Germany will do “whatever we can” to ensure a successful outcome to Brexit negotiations within the two-year deadline set down in the EU treaties, the country’s finance minister has said.
Wolfgang Schauble said that a “cliff-edge” withdrawal from the EU without an agreed deal would be a disaster not only for the UK but also for Europe.
He played down suggestions – floated by Prime Minister Theresa May and Chancellor Philip Hammond – that the UK might find itself forced to adopt a Singapore-style low-tax low-regulation economic model to maintain competitiveness if it is frozen out of the European markets by the failure to reach a comprehensive free trade agreement.
And he said he expected Britain to remain a very important partner of the remaining EU and London to continue to be an important financial centre for Europe after Brexit.
Speaking alongside Mr Hammond on a discussion panel at the World Economic Forum in Davos, Switzerland, Mr Schauble said that the PM’s Brexit speech on Tuesday had provided the EU with clarity over the final outcome Britain is seeking from negotiations.
He acknowledged that the detailed talks would be “much more complicated than in the opening speeches”, but said he believed a deal was doable.
“The German government will work in these negotiations always in the direction that we minimise any risk and damage for both of us. That’s our position,” he said.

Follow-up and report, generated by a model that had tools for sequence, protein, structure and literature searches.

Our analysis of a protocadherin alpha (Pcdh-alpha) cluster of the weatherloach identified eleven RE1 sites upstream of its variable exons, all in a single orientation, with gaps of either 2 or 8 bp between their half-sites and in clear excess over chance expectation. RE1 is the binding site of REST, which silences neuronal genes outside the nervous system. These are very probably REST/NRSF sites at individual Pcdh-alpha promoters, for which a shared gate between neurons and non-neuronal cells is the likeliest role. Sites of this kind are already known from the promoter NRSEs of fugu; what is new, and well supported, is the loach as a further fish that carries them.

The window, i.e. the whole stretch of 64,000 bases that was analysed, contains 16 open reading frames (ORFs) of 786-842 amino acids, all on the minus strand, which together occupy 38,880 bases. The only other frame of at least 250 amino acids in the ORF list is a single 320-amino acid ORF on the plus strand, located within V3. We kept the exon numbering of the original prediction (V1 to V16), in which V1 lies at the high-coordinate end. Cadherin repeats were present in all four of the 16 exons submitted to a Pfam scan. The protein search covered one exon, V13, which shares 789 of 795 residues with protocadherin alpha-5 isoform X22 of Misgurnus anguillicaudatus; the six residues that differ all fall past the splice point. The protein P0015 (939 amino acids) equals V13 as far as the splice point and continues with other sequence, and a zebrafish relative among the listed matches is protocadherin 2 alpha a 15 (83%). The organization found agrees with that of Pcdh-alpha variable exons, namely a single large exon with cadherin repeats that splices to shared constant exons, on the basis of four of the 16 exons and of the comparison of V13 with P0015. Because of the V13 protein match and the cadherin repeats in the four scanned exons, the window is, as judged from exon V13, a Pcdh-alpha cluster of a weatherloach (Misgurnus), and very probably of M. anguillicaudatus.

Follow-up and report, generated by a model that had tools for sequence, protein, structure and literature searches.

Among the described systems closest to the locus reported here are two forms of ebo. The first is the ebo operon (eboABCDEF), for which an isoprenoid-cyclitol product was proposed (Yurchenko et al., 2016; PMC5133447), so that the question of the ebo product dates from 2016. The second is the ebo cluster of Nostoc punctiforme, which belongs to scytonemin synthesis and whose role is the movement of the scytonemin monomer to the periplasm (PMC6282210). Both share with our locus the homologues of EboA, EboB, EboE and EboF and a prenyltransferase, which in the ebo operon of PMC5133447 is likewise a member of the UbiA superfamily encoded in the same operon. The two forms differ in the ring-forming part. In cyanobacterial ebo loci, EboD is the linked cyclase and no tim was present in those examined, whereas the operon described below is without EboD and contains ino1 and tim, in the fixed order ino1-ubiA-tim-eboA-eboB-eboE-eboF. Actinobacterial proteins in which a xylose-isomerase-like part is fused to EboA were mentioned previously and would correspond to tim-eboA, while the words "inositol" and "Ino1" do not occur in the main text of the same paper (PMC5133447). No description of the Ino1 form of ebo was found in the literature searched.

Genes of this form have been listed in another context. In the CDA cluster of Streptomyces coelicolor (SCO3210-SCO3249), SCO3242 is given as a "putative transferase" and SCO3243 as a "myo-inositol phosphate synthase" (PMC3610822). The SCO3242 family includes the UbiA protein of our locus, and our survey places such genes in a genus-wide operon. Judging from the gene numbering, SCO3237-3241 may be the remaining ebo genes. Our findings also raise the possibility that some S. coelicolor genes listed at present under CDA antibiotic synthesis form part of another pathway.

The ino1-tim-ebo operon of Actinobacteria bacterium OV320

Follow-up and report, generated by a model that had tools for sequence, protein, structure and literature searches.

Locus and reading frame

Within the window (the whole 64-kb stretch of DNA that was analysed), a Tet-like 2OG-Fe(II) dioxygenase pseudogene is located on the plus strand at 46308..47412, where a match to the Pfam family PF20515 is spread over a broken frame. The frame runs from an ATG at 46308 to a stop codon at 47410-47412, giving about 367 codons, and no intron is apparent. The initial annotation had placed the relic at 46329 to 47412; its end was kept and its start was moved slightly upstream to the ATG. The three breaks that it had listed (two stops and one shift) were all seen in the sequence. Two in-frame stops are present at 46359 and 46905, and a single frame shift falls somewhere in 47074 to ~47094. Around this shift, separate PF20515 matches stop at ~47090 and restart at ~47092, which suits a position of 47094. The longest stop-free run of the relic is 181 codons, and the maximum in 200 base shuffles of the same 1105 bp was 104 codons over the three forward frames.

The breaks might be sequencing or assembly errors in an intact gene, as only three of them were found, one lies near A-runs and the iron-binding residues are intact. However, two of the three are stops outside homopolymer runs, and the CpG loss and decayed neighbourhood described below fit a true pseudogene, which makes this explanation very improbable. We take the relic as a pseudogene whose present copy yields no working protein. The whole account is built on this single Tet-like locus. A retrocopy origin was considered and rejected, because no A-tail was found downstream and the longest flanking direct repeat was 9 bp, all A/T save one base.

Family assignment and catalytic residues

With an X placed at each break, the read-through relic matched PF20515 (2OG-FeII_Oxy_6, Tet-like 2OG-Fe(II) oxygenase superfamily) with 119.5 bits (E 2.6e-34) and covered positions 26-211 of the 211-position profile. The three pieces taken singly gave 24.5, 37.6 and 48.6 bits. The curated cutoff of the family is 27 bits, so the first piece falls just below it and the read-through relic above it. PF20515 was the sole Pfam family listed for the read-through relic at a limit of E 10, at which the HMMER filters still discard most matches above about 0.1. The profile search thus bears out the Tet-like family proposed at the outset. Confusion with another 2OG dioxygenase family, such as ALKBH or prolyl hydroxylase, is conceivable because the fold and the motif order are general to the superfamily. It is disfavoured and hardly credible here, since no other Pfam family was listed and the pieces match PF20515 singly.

Asked whether he was worried about the possibility of a “cliff-edge”, the German finance minister said: “We are very concerned that it will not happen.
“We will not only be concerned, we will be engaged that it will not happen, because it would be a disaster for all of us.
“Now we can start to work and we will do whatever we can to avoid such a situation. I think it is possible to get it done.”
Mr Schauble said he was not shocked by the prospect of the UK setting itself up as a low-tax centre off the shores of Europe.
“I can’t really imagine that the UK – this great nation – would compare itself with Singapore,” he said.
“Therefore I am not to be shocked.
“Philip Hammond and I totally agree we have to manage this decision by the British people of Britain in the best way to minimise or to avoid any damage for the UK as well as for Europe.
“For Europe, the UK remains a very important partner.”
He added: “I am personally convinced that even after the negotiations have been done, London will remain an important financial centre for Europe.”
Mr Schauble said the whole EU must respond to the lessons of the Brexit vote, which showed the need for reform to combat disillusionment with the European project and concern about the “disruptive changes” brought about by globalisation.
“The first reaction to the Brexit decision for me was that I cried,” he said.
“The second reaction was that it is a wake-up call for Europe. We have a growing euroscepticism all over European member states.”
Mr Schauble said the referendum result had so far had a positive impact on the UK economy and said he did not expect it to exert a negative influence on the eurozone during 2017.